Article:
Tuesday, August 02, 2005

More on the Dove Ads Controversy

Whoda thunk it'd be a controversy to show a couple of size 10-16 women in their underwear?

Apparently, most men don't like them.

Well, luckily, men aren't buying Dove products:

Here's what some people (most of them men) think of the Dove ads: "THEY'RE DISGUSTING," reads a post on a popular online bulletin board. The author's opinion expressed entirely in uppercase, is that the Dove women are FAT COWS. The sentiment seems to be shared by the unknown parties who've scrawled graffiti on the women's pictures in New York and slapped stickers with crude slogans over the ads in the United Kingdom.

But a number of the derogatory comments haven't been anonymous at all -- they're coming from the popular media, and not just from the "morning zoo" radio shows or lad mags from which we tend to expect (and laugh off) this kind of frat-boy shtick. No, this stuff is coming from places as mainstream as the Sun-Times and Channel 2 News.

Wake up, boys. I have no interest in whether or not you think I'm beautiful.

I can kick your ass.

I want a giant picture of me with a boot up some fat media guy's ass plastered all around New York.

That'd be some controversy for you.

UPDATE: Well, twisty's got some goods:

This Dove-is-so-great crap must cease! Dove is not so great! Dove’s “real” women are, like, 22, and they’re conventionally pretty, and they’re in their fucking underwear. They are given insipid slogans, like “I felt absolutely beautiful on my wedding day!” Mouse over’em and they morph into bent-kneed playboy sexbots. They’re selling beauty crack. On the website there’s even a section where you can vote on the hotness of more “real” models, à la amihot.com. The message: Dove products will give you the only thing that patriarchy actually values in a woman: a tight ass.

7 comments so far. What are your thoughts?

Anonymous said...

"Most" men? Bit of a reach there, I'd say. There's also a framing issue- you can say the defacement of these ads and the nasty columns represent a sense of entitlement and assertion of power; or, you could say that the cultural forces which operate on women also pressure men into a distortion of how they present their actual desires- showing off for the lads, etc.

Depends on whether you think "most men" are like that guy from the Sun-Times. 

Posted by Brendan

Anonymous said...

Sort of on topic, is anyone else wondering why if Dove is promoting a "love yourself as you are" kind of beauty, they're now selling cellulite creams -- sorry, "Intensive Firming Cream/Lotion" ?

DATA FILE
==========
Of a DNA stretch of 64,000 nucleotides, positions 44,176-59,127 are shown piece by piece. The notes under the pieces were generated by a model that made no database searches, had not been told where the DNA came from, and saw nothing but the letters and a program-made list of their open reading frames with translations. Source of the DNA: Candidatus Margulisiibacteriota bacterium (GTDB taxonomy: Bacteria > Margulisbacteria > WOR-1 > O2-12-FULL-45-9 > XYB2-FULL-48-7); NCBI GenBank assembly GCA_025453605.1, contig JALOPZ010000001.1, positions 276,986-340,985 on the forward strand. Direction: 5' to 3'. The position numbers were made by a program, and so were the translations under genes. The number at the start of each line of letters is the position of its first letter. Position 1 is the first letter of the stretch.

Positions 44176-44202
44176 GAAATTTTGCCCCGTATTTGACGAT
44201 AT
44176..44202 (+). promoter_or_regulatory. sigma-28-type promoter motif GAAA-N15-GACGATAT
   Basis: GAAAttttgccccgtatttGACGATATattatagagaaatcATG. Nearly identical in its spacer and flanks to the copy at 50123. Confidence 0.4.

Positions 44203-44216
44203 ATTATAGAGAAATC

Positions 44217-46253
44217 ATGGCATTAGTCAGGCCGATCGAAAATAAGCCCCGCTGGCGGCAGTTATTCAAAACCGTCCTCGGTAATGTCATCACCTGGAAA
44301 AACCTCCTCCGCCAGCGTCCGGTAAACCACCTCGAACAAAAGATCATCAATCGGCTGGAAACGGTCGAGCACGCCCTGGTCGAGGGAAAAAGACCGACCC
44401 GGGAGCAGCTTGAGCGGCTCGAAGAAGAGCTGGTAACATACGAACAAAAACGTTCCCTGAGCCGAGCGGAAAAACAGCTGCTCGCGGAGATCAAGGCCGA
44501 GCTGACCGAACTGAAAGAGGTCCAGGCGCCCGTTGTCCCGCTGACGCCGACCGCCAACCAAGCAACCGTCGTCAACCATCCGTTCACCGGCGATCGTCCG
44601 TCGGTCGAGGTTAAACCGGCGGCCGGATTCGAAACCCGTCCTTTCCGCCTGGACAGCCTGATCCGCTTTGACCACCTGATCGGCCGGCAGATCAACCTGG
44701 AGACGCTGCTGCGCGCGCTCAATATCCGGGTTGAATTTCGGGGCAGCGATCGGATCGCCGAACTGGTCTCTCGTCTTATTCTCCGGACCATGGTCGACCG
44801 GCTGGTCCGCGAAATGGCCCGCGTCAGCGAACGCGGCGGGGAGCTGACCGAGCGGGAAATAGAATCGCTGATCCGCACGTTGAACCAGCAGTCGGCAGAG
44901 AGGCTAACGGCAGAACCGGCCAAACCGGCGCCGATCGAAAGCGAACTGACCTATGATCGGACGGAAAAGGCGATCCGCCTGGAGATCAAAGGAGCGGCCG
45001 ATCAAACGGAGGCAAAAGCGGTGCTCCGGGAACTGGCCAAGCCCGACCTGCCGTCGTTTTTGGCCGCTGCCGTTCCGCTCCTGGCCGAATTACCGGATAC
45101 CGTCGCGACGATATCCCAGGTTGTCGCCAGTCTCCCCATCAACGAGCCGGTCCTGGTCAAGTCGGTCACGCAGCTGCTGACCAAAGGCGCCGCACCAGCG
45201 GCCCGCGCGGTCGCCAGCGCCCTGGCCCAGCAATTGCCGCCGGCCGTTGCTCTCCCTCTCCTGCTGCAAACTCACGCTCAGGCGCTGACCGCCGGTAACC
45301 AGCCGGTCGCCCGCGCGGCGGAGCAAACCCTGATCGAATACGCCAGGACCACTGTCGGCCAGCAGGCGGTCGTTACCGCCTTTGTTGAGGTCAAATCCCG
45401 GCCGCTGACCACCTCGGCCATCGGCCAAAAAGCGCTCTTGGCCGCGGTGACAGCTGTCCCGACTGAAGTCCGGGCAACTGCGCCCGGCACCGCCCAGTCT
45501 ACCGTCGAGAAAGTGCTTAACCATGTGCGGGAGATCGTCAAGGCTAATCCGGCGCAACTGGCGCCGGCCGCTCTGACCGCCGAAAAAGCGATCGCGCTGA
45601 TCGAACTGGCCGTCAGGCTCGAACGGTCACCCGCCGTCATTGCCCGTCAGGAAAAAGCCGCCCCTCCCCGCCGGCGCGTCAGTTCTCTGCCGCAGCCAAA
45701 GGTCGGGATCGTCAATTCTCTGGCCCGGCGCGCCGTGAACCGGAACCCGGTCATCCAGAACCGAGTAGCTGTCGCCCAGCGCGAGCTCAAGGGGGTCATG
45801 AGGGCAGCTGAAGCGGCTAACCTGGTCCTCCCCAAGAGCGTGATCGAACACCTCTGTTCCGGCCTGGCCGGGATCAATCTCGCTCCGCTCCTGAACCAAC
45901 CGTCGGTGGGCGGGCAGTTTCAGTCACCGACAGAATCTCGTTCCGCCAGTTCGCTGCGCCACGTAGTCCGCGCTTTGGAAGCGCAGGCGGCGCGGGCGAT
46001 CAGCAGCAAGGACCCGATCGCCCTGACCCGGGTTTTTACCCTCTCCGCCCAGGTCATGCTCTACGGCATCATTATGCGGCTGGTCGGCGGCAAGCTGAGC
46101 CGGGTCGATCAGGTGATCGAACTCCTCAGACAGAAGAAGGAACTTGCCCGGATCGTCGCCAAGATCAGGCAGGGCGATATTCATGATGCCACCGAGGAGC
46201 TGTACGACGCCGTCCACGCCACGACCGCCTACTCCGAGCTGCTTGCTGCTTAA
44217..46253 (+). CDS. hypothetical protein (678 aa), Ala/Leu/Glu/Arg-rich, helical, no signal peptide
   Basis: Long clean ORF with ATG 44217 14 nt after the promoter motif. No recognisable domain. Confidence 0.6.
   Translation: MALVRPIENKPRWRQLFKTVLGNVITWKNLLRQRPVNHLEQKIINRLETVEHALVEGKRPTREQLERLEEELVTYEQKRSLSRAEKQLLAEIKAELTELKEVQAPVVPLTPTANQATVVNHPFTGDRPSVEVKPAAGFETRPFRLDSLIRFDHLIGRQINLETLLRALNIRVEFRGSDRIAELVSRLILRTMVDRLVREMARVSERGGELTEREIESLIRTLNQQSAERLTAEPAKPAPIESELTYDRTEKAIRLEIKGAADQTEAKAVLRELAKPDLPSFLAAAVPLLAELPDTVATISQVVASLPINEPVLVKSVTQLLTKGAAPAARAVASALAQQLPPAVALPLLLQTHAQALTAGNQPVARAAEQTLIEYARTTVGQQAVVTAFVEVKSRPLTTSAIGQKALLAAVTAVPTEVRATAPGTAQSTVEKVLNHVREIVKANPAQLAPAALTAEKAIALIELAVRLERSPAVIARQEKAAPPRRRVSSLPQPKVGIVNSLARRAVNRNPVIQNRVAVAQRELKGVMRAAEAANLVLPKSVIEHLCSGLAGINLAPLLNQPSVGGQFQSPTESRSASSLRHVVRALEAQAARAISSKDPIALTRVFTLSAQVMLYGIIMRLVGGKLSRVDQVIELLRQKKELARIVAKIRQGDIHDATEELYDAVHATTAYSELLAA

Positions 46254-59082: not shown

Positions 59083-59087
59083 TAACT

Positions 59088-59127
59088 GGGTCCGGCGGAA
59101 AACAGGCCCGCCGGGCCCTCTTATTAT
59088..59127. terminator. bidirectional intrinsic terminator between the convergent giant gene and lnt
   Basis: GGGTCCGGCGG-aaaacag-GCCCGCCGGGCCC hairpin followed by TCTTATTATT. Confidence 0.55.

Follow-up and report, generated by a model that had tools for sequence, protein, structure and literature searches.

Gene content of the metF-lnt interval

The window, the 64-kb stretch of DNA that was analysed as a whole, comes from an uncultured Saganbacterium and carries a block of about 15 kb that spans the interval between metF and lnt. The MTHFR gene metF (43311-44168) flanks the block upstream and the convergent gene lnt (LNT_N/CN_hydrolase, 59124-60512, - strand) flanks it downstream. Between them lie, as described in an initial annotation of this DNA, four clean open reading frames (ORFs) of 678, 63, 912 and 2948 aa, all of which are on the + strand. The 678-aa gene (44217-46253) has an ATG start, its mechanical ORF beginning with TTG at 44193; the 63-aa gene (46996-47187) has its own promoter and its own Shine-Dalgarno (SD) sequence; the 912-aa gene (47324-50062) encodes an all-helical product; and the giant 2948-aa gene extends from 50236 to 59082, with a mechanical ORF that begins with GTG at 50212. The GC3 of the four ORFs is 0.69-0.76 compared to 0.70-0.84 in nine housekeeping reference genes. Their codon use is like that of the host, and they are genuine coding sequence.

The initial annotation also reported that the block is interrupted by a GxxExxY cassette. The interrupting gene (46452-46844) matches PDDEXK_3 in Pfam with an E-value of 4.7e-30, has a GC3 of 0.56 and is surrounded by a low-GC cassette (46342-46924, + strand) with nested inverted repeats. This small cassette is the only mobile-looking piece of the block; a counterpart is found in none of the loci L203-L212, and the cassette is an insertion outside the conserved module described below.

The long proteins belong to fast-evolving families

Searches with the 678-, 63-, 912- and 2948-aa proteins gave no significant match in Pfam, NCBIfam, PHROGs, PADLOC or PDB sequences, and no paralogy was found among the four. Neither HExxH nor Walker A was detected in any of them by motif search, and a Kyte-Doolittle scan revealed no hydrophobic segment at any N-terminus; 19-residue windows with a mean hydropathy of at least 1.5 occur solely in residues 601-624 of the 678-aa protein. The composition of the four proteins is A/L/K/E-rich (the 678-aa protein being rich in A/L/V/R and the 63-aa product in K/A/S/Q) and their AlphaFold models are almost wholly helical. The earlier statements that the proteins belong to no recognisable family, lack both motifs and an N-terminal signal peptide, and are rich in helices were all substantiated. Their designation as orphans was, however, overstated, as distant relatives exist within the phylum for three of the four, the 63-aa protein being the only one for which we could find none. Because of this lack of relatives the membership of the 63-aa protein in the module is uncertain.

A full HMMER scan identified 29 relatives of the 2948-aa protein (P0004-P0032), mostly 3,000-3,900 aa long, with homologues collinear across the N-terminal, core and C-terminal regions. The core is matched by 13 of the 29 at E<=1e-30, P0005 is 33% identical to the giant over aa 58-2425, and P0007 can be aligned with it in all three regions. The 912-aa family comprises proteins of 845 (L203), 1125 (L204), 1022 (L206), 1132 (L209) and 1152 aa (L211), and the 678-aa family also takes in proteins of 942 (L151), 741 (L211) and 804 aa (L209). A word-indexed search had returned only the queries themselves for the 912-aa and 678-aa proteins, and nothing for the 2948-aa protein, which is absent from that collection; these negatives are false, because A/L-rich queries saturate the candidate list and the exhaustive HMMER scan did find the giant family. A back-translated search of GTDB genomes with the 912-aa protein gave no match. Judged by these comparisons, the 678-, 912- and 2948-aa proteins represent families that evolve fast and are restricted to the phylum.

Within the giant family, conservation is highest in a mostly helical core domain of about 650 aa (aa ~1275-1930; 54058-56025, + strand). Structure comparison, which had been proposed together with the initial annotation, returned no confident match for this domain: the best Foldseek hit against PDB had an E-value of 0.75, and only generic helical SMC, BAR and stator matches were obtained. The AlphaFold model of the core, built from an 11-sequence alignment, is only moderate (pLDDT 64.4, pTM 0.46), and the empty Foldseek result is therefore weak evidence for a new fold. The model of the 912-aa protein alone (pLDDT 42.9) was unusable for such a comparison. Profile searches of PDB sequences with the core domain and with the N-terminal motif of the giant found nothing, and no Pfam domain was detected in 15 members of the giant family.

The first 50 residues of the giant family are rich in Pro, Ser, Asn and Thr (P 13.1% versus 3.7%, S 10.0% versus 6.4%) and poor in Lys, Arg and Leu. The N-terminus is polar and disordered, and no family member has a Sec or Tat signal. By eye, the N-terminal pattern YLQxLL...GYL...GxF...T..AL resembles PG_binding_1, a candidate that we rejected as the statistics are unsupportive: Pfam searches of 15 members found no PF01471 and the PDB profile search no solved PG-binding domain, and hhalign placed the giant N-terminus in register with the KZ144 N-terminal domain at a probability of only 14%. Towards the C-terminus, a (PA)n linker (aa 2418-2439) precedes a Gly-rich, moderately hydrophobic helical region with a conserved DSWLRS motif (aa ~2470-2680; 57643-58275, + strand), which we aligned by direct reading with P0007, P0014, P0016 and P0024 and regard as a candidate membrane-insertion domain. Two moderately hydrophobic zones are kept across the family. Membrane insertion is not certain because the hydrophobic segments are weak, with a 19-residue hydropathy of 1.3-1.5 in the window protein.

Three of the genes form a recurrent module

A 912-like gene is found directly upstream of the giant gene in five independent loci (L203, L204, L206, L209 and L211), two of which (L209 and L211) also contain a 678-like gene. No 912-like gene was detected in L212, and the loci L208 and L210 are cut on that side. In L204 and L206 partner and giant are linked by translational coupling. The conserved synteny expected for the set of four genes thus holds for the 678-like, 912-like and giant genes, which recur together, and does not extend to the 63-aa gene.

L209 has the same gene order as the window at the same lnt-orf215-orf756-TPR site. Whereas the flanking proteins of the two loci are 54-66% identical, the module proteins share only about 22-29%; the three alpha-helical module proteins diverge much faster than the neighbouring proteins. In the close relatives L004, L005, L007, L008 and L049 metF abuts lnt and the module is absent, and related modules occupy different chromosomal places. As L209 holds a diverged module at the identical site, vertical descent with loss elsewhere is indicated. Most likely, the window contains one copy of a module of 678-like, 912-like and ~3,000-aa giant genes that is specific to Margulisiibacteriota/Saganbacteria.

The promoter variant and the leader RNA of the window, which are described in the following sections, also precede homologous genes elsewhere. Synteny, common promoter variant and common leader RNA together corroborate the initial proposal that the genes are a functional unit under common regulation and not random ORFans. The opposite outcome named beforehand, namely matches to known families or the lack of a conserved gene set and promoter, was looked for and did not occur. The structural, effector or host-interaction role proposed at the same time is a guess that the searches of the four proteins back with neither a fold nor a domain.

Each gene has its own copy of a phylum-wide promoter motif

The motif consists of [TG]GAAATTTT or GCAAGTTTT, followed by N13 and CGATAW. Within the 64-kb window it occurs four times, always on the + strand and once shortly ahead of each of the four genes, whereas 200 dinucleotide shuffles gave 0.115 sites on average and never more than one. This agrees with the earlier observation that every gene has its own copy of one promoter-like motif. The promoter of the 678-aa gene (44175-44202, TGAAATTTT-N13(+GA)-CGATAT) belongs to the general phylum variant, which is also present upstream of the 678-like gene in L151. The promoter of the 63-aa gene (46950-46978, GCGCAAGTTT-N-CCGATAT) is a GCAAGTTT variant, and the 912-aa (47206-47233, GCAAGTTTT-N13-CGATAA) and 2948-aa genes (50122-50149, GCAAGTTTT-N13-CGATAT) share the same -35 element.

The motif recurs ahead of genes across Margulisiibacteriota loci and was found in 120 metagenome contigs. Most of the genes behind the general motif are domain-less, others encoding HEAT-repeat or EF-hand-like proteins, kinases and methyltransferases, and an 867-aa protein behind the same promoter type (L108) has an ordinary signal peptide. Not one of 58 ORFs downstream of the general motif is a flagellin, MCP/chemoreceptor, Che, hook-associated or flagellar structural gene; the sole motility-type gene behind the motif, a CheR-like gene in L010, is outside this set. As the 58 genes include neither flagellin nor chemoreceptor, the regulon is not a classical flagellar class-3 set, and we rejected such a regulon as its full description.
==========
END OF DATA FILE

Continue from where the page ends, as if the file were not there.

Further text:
As an aside, I love most of the Dove products, but not because of any trendy marketing campaign. 

Posted by kelly

Anonymous said...

Geez, when will these people get it through their think skulls that beauty is not exclusive to women overly thin women with long legs and flat bellies. Oy! 

Posted by Bent Fabric

Anonymous said...

Plenty of men like plentiful women. 

Posted by NancyP

Anonymous said...

Sounds like you need more good men to speak up louder. I really don't like the Dove campaign, but I'm glad to say it hasn't had such a trolltastic reception in the UK. As far as I can tell, we're all being rather polite and PC and I haven't seen any posters defaced here yet.  

Posted by Winter Woods

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Anonymous said...

As a man, I think the Dove ads are fine. I don't understand why some call the women "fat" or "big" or whatever. No, they're not proportioned the way they would seem in a normal ad, but who cares? I'm not sure where the negativity comes in, except that our culture has so brainwashed people that they somehow must feel threatened or cheated by the Dove ads. While I must admit being attracted to "traditional" ad and celebrity photography, I find that I have to turn away from much of it. They're selling sex, not beauty. Lust, not loveliness.

While I've never been attracted to plus sized women (please don't throw stones), I am so glad to see Queen Latifah, a beautiful Black Woman, gaining prominence. I think she's just as beautiful as Beyonce and I just can't turn my gaze away.

Something tells me that even the Dove campaign is getting a lot of heat along with its praise, that there will be a shift in how this culture defines beauty. It may take a generation, but I believe that it will happen. It may only be considered an "alternative" like-style, but it's at least a start.


Posted by Phil